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"The strikingly effective pictures are distinctive in design and rich in color." Booklist, ALA
Posted May 16, 2001
Baboushka and the Three Kings won the Caldecott medal as the best illustrated American children's book in 1961. Stylistically, these images will remind you of stained glass windows and the abstraction of Egyptian murals with Byzantine faces. The pages are done in five colors only (black plus blue, yellow, an orange-red, and green). The result gives the book a religious tone that makes you imagine you are reading from an illuminated manuscript done during the middle ages. All that is missing are the gold highlights. The story picks up on the Biblical tale of the three kings coming from the East following the star to the birth of Christ. The three kings have lost their way in the snow in Russia, and ask the old peasant lady, Baboushka, to help them. After hearing of their pilgrimage, she wants to finish her chores first, and spend the night resting in her warm cottage before starting out. She invites the three kings and their retainers to join her for the night. They politely decline, not wanting to miss His birth. The next morning, Baboushka repents and decides to bring gifts to the Christ child as well. But so much snow has fallen that she cannot find their trail. She goes from village to village hoping for word of the three kings, but finds nothing. Eventually, she gives her gifts to the children along the way. 'And it is said that every year, at the season when the birth of the Child was first heralded, Baboushka renews her search across that land with new hope.' 'And it is said that every year little children await the coming of Baboushka.' 'They find joy in the poor but precious gifts she leaves behind her in the silent night.' The book points out rather well that when opportunity knocks, one had better take immediate action or possibly rue the consequences for a lifetime. But the repentence can still yield important benefits for the proscrastinator and those who know her or him. After you and your child know this story well, you should share with your child examples you have seen where waiting was a mistake. To balance that message, also share some stories where waiting was a good idea. In this way, you can help your child prepare to perceive and act on good opportunities that require quick action. This book obviously will raise the question of what this has to do with Santa Claus from your child, so be ready with your answer for that, as well. Be generous as you can possibly be in your support of others and always active in seeking God's truth. Donald Mitchell, co-author of The Irresistible Growth Enterprise and The 2,000 Percent Solution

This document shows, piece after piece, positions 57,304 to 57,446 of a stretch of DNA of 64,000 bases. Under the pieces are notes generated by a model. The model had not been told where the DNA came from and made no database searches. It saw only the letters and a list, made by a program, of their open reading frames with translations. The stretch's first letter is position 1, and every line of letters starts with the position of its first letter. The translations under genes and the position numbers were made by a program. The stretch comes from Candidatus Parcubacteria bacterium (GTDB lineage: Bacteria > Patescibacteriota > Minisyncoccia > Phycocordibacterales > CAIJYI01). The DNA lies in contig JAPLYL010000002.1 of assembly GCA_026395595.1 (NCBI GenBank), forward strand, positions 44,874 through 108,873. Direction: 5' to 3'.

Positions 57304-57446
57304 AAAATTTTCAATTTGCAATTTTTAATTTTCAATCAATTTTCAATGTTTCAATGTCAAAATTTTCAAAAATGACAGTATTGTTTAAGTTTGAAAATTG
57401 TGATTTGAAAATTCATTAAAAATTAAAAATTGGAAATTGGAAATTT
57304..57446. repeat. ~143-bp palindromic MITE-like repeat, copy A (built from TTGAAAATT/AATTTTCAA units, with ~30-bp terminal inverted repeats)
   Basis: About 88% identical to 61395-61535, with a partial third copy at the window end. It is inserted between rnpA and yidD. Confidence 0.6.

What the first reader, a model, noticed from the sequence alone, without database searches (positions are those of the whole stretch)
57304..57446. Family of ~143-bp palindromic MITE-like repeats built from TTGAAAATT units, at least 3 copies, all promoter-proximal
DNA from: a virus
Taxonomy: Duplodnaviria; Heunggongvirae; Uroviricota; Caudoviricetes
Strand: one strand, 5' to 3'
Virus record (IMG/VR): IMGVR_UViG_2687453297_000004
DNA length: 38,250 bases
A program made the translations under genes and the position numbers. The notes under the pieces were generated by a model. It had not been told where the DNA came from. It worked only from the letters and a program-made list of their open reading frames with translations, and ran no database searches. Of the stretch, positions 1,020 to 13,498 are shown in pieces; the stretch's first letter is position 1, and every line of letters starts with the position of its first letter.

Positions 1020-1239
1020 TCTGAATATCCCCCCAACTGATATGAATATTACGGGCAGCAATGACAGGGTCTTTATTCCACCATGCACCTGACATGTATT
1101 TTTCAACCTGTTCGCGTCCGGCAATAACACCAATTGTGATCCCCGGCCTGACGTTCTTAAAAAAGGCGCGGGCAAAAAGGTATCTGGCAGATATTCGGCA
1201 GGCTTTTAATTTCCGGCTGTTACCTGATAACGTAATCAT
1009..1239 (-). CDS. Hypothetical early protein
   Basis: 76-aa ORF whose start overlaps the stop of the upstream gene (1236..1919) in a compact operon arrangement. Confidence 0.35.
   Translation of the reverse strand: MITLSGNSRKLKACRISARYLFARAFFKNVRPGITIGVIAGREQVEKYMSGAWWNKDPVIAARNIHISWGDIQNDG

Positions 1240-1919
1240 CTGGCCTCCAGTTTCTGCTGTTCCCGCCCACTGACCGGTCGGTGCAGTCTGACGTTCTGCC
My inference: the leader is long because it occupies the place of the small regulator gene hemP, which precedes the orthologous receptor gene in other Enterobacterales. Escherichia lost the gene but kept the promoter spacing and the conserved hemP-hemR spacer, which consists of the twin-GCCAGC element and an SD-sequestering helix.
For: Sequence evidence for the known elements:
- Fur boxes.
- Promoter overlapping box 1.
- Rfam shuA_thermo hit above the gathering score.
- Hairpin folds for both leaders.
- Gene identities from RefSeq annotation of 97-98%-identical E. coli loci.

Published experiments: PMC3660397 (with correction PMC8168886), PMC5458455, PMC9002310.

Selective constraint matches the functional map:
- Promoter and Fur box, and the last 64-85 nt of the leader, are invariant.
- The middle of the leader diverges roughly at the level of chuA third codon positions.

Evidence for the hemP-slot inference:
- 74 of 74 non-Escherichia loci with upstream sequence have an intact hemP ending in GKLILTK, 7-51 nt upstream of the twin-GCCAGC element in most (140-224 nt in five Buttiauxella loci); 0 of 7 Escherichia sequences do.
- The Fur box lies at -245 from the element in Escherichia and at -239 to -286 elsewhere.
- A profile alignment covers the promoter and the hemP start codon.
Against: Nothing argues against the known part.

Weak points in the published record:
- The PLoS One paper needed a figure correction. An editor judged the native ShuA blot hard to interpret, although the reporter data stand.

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Posted December 26, 2007
My husband is from Russia so my 4 year old received more than one copy of this story from various family members. Although I liked the idea of teaching my daughter the lesson of 'trusting your heart', my husband said this was NOT a common tale as is implied and he did not like it. My daughter also became very distressed that the old woman never found baby Jesus. She refuses to accept that the nice lady who welcomed strangers was not rewarded for changing her mind and deciding to honor God. We had to return the book because she insisted - 'God forgives, Mommy, and he wouldn't have left the nice lady in the snow forever...That only happens to people like mean Marley.'
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